The spine is a very intricate and complicated part of the human body that plays an integral role in good health and daily function. Between the interlocking bones of the spine called vertebrae, are discs. Discs serve the vertebrae much like the soles of sneakers do, to absorb shock from impact. When the discs become compromised and are no longer effectively cushioning the vertebrae, pain is often experienced. This condition is called Degenerative Disc Disease, which is not actually a disease at all, merely a term used to describe the effects of natural aging on the discs of the spine.
Degenerative Disc Disease can effect any part of the spine but is most common in the neck and lower back. As we age, the spinal discs naturally lose fluid, and obstruct the interlocking of the vertebrae. This degeneration of the discs results in painful loss in flexibility in the spine, and can produce tears in the disc walls leading to bulging and ruptured discs. Over time, small tears develop in the discs and do not heal completely. When the tears heal, the body produces scar tissue which is not as strong as healthy discs. Eventually, when the center of the discs begin to lose too much fluid they collapse and force the joints between vertebrae to touch, like an unaligned zipper that creates friction. This friction can have its own set of complications such as the development of bone spurs which leads to spinal stenosis.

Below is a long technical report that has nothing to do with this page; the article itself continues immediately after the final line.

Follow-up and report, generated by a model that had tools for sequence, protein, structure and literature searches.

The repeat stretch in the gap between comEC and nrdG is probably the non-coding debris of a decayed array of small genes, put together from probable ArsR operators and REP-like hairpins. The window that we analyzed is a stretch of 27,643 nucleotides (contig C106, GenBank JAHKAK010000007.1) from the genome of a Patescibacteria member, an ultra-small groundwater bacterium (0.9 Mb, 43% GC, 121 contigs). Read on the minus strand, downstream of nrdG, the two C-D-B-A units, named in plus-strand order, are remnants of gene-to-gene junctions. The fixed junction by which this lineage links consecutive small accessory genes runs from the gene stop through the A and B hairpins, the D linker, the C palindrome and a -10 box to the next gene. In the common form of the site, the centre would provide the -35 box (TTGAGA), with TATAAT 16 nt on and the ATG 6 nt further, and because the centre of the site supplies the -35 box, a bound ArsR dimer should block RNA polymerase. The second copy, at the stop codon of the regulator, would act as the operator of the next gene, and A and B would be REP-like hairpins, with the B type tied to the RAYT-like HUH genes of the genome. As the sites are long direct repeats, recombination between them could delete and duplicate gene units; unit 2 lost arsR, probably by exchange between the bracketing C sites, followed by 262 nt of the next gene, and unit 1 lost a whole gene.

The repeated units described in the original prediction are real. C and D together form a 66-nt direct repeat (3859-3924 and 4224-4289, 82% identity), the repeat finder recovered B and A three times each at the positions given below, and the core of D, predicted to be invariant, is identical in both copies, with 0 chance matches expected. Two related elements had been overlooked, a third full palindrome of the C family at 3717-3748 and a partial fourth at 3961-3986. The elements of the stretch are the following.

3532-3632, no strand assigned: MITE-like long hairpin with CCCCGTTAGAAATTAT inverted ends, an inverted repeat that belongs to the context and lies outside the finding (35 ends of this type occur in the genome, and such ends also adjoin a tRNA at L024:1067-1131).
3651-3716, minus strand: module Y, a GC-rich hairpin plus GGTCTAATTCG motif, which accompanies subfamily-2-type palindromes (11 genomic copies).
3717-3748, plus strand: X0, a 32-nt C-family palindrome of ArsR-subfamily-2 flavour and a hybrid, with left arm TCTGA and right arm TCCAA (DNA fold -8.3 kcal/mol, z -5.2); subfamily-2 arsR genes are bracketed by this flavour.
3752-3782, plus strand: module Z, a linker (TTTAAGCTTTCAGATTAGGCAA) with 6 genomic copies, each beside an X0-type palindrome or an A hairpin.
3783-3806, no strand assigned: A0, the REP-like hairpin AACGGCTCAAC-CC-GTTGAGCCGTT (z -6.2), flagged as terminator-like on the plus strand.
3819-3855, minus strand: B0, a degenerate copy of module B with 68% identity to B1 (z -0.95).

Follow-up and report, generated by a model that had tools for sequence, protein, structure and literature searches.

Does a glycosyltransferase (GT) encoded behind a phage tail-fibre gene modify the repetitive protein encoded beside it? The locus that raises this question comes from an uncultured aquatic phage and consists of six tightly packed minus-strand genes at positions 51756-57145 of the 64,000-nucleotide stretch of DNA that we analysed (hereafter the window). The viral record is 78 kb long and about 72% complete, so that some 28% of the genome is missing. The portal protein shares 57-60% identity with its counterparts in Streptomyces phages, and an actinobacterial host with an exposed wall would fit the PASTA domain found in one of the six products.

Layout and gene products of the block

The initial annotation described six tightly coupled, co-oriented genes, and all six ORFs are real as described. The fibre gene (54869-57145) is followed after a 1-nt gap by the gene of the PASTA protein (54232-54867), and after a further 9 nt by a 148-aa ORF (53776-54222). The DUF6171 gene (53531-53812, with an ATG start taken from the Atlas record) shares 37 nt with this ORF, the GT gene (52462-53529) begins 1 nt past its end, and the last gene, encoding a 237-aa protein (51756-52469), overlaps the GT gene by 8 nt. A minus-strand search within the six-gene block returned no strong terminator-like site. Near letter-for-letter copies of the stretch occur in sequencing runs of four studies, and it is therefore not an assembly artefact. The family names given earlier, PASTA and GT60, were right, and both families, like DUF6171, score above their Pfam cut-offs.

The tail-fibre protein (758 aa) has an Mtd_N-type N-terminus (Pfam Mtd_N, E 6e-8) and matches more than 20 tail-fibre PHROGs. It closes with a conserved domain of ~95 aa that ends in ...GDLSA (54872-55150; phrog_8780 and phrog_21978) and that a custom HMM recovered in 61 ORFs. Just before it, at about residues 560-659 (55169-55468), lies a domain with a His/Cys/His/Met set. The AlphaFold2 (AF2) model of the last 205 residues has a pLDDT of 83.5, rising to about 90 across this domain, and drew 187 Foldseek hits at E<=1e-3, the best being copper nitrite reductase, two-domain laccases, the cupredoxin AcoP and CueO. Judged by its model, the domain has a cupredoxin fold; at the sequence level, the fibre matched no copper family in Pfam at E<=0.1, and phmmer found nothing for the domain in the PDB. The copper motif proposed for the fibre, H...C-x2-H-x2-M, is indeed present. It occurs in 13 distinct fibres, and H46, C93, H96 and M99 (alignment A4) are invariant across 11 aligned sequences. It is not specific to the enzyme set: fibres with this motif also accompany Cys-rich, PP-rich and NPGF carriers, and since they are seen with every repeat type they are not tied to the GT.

Patients suffering from degenerative disc disease often complain about sensational strong pain that comes and goes without warning. Sometimes there is pain and numbness in the legs and arms. Motions such as bending, twisting, and sitting create pain and prove difficult. Those with the condition often find that laying flat is the most comfortable position to rest in to relieve pressure.
Degenerative disc disease is often treated with over-the-counter pain medications, and a physical therapy plan to maintain flexibility. However, if conservative methods prove moot, surgical intervention may be recommended.
Degenerative Disc Disease Treatment in Hamilton
If you have questions about degenerative disc disease and available treatment, contact us to schedule an appointment. Our offices are located in Hamilton, NJ, serving the greater Princeton area. We can be reached at (609) 890-3400. We look forward to serving you!